Devin added a comment on the “Divine Retribution” thread:
Speaking of divine punishment, those reelection results…
If I take his comment literally, then yes, it looks like most federal, state, and local incumbents were returned to office last night. If American voters had a notion of dumping out the whole of the political system in this country, they didn’t do it. But some people got punished yesterday, and it wasn’t God Almighty delivering the whack. Otherwise, Voting Day was indeed about reelection.
The voters I saw for thirteen hours yesterday were happy to be voting. There was widespread graciousness: they thanked us workers, they were patient in line, they were happy to take “I voted” stickers and let their family, friends, and co-workers know what they were up to.
As for the national map this morning, it looks a lot closer to American Lookout (where a facebook friend pointed me) and what Michael Moore said a few months ago than what 538 and the media networks predicted. Nate Silver may be partly covered: I think a lot of people clucked over his giving Mr Trump a one-in-three chance of winning.
As for the president-elect, we might reflect on history. It’s not quite the first time a celebrity has been elected to the nation’s highest executive office. Setting aside our first president, war-hero and founding father, Americans have elected guys who were famous for their accomplishments outside of politics: Andrew Jackson, William Henry Harrison, Zachary Taylor, Ulysses Grant, and Dwight Eisenhower. In the pre-television era, these presidents were generals, as you know. Ronald Reagan, Theodore Roosevelt, and Herbert Hoover weren’t generals. But they all had accomplishments outside of politics that brought them some degree of recognition. So Mr Trump is nothing new in that regard. He’s not even the first businessman to be elected president.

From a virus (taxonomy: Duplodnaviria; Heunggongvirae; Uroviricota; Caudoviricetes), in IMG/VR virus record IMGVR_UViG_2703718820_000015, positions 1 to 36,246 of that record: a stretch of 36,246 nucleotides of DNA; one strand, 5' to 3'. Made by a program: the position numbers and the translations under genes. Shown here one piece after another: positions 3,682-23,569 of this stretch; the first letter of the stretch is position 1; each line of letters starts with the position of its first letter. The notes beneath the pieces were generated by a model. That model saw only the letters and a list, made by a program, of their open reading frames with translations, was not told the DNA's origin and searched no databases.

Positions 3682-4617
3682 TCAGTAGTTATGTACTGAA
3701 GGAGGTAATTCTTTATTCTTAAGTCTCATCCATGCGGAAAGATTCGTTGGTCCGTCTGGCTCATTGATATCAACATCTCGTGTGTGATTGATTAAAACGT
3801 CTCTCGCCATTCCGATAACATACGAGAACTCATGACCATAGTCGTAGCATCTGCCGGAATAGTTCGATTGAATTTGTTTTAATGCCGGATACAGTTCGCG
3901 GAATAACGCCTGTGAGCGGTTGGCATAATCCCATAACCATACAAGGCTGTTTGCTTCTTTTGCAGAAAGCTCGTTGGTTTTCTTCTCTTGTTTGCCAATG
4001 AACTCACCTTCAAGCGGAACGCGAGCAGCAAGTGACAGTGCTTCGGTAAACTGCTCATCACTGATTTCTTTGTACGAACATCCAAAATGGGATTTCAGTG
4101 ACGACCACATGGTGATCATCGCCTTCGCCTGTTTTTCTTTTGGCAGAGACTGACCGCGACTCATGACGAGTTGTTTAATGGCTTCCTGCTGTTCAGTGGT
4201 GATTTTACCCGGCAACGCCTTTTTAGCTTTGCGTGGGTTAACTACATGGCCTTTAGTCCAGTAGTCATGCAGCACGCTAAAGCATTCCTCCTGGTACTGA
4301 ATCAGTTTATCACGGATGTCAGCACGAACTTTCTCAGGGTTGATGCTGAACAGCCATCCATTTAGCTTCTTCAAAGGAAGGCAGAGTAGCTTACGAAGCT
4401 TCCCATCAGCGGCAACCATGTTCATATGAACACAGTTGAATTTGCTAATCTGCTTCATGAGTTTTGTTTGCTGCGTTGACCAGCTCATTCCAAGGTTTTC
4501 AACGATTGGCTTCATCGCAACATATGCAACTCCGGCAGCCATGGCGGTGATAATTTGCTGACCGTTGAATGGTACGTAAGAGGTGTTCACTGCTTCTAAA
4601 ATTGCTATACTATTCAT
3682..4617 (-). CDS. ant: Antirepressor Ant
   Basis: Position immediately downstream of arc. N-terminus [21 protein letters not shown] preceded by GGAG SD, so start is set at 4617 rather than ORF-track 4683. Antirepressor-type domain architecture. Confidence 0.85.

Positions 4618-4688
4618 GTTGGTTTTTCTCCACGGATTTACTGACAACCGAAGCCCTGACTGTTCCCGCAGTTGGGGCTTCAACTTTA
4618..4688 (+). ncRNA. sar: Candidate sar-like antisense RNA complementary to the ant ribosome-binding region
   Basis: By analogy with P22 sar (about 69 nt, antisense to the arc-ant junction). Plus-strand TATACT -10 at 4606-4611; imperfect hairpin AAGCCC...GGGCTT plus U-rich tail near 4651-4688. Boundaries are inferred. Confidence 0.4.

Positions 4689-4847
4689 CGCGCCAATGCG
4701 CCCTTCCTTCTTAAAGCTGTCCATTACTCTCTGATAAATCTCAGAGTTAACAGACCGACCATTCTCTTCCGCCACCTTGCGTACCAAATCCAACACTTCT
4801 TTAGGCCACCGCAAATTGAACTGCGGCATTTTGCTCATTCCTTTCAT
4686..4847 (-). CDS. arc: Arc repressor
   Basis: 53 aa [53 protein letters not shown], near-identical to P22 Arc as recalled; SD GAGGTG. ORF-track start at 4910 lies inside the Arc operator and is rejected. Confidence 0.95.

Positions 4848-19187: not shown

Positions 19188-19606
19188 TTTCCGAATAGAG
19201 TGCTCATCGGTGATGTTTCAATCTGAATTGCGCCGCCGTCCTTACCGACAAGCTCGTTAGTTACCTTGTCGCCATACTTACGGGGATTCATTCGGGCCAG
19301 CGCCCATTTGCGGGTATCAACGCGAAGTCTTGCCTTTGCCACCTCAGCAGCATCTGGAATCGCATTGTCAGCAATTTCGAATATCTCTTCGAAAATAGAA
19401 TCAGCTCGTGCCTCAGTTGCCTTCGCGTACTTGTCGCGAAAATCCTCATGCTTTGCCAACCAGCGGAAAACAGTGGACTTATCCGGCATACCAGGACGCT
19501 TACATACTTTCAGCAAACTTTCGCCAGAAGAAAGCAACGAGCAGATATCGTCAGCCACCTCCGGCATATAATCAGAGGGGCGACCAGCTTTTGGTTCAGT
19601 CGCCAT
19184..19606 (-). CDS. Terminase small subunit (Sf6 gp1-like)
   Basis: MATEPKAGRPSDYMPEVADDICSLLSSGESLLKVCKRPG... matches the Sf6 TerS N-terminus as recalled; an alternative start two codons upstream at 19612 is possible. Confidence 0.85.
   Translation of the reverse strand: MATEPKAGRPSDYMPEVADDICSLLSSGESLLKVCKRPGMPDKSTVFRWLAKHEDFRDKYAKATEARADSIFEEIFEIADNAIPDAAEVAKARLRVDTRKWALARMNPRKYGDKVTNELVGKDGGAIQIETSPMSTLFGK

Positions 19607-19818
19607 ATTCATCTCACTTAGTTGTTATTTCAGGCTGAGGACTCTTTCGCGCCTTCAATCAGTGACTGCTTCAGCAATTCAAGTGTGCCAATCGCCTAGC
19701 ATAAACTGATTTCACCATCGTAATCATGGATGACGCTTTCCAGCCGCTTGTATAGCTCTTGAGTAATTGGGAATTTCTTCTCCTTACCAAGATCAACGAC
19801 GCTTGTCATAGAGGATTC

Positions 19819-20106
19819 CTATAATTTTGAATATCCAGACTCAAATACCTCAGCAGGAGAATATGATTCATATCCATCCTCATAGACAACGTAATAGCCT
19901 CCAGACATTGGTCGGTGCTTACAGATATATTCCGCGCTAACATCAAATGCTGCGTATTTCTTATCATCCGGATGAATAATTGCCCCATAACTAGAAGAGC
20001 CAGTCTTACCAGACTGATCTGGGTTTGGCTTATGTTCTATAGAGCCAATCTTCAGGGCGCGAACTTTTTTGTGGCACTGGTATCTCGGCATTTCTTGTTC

In a way, a Reagan-Bush legacy continues. Generals recede into history–we’ve only elected one military celebrity in the last thirty-some presidential races. We’ve had a movie star-turned-governor and a businessman-turned-governor. Mr Trump has been known for reality tv and business. I suppose you can shrug and chalk it up to an occasional American tradition.
I think that’s enough political commentary for the morning. I’ll leave it to the commentariat here to take the chatter further. I will close off by saying that most Americans are not celebrities. We get up in the morning, get dressed, and go to work, school, or other activities. We live in a nation that solicits our choices for its leadership, not only at the top in Washington, but all the way out into the communities in which we live. The closer we are to our neighborhoods, and the more engaged we are in them, the more we have the potential to make a significant difference. We make a difference, good or ill, where we choose to do so. We can choose to hang back. If ill things beset us, it may be less God’s punishment and more a consequence of our own inaction. Last time I looked, the sun rises every morning. It’s always a new morning out there, somewhere.